Still, I can barely focus on the page I’m supposed to be reading. I tap my right foot on the floor, shaking my knee, as I glance up at the holographic wall clock every few seconds. I can’t wait too much longer, or I’ll be late for school. And I can’t be late for school. It’s the best thing I’ve got.
As if on cue, something slams against the outside of our door. I jump, dropping my book in my lap. “Mom?”
No one replies, but the doorknob fumbles a few times before the door flies open. Mom staggers into the room with a man I don’t know, her lips on his neck, one of his hands halfway down her old jeans.
My face burns. No groceries, no food, but the smell of Elixir coats the room with its stench. “Mom!”
Mom immediately pulls away from the man, wild, confused eyes landing on me. “Deric!” she chirps. “I didn’t think you’d be up.”
I swallow. “It’s seven thirty.”
Mom squints at the holographic clock, and I try to ignore the man’s hand still down her pants. “So it is.”
“We’re out of food, Mom. I thought you’d be out getting groceries, not…” The man smirks at me, and I lower my gaze to my lap, gritting my teeth.
“I’m sorry, pumpkin. Can you go pick some up? I should have some money around here somewhere.” She swats the man’s hand away with a sly smile and then reaches into her pockets, searching. But I already know she won’t find anything. She spent it all on Elixir and cheap entertainment and men.
Mom pulls empty hands from her pockets. “I seem to have misplaced it.”
“Don’t you have somewhere you can run along to, boy? Your Mom and I have some…unfinished business,” the man cuts in. He pulls Mom back to him by her waist, and she laughs.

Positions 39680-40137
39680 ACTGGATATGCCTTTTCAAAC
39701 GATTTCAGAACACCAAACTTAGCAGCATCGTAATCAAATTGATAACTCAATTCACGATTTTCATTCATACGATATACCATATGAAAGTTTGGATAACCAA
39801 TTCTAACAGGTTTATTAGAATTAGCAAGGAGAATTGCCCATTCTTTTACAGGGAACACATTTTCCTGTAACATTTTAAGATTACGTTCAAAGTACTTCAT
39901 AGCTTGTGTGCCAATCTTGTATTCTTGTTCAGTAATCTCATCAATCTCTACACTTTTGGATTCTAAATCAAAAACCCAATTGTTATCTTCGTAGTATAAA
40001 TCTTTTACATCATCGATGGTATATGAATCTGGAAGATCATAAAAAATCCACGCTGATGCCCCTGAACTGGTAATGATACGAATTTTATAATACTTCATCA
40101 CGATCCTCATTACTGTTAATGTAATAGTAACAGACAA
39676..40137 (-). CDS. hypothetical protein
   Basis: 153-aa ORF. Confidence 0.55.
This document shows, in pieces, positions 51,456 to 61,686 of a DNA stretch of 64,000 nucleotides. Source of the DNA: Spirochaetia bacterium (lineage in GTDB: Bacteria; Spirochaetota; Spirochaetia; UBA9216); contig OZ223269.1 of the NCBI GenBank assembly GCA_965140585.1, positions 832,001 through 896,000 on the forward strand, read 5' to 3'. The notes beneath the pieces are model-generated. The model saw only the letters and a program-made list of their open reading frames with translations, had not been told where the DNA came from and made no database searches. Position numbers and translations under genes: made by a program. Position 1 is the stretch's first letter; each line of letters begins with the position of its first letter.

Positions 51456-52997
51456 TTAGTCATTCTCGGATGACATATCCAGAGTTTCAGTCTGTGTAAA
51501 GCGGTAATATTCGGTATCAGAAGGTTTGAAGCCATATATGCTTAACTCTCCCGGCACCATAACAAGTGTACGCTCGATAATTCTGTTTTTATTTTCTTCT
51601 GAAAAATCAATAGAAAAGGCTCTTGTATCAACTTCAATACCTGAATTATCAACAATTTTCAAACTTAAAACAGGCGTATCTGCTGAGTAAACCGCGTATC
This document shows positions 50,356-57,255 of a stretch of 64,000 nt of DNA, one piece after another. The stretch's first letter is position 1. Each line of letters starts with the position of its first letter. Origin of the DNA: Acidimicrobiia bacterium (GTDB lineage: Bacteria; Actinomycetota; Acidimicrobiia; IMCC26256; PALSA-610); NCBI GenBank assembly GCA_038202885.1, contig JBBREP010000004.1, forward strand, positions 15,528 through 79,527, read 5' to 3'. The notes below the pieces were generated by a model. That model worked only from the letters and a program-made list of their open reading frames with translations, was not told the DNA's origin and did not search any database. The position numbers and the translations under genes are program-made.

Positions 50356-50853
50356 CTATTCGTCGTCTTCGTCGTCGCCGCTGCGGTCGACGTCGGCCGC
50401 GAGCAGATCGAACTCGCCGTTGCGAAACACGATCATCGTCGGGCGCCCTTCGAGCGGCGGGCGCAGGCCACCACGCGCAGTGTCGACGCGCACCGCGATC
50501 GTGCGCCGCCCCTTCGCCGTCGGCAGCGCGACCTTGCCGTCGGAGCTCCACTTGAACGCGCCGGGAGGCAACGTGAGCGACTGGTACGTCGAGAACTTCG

“Okay,” I grunt, standing and snapping my book closed. “I’m going to be late for school anyways.”
“You don’t have school, pumpkin,” Mom coos. I ignore her as I slide on my tattered sneakers next to the door, thinking she’s being delusional from the drink. I’ve been going to school since I was six years old. She knows that.
I think she’s being delusional, until she adds, “I couldn’t make your payment this month. Money’s been tight, pumpkin, surely you can understand.”
I stand very, very still, heart stuttering in my chest. My book trembles in my hands. ‘Money’s been tight’? Which meant she spent it all…spent it all on Elixir and one-night stands.
“Mom,” I croak. “We don’t have any food and now you’re taking me out of school?”
“Run along, now,” the man’s voice holds a hint of irritation.
“Go on, Deric,” Mom titters. “There will be food tonight.”
Lump in my throat and teeth gritted, I wrench open the front door and slam it behind me.
And I walk. I walk until I’m only half-sure of where I am. I walk until the tears have dried on my cheeks. I walk until I don’t feel like chucking my book into an alley in frustration; it’s the only book I’ll have for a while, maybe even ever.
Mom’s been this way since I was little. I’m a product of one of her one-night stands – even she never knew who my Dad was. But this is the worst I’ve ever seen her.
I sink down onto a dirty staircase and crack open my book, immersing myself in the story world to block out my own.
I read until the bustle of people walking home startles me. It’s late afternoon. I’ve been sitting here for too long. I swallow, close my book, and make my way into the crowd. No one needs to be out after dark, especially kids.
It takes me a good half hour to get home, and I stand out in the hall, dreading knocking on the apartment door. I hope the man has left. I hope Mom is somewhat coherent. I hope I can talk some sense into her.
I take a deep breath and knock once on the door. “Come in!” chirps Mom’s voice, and I steel myself and push open the door.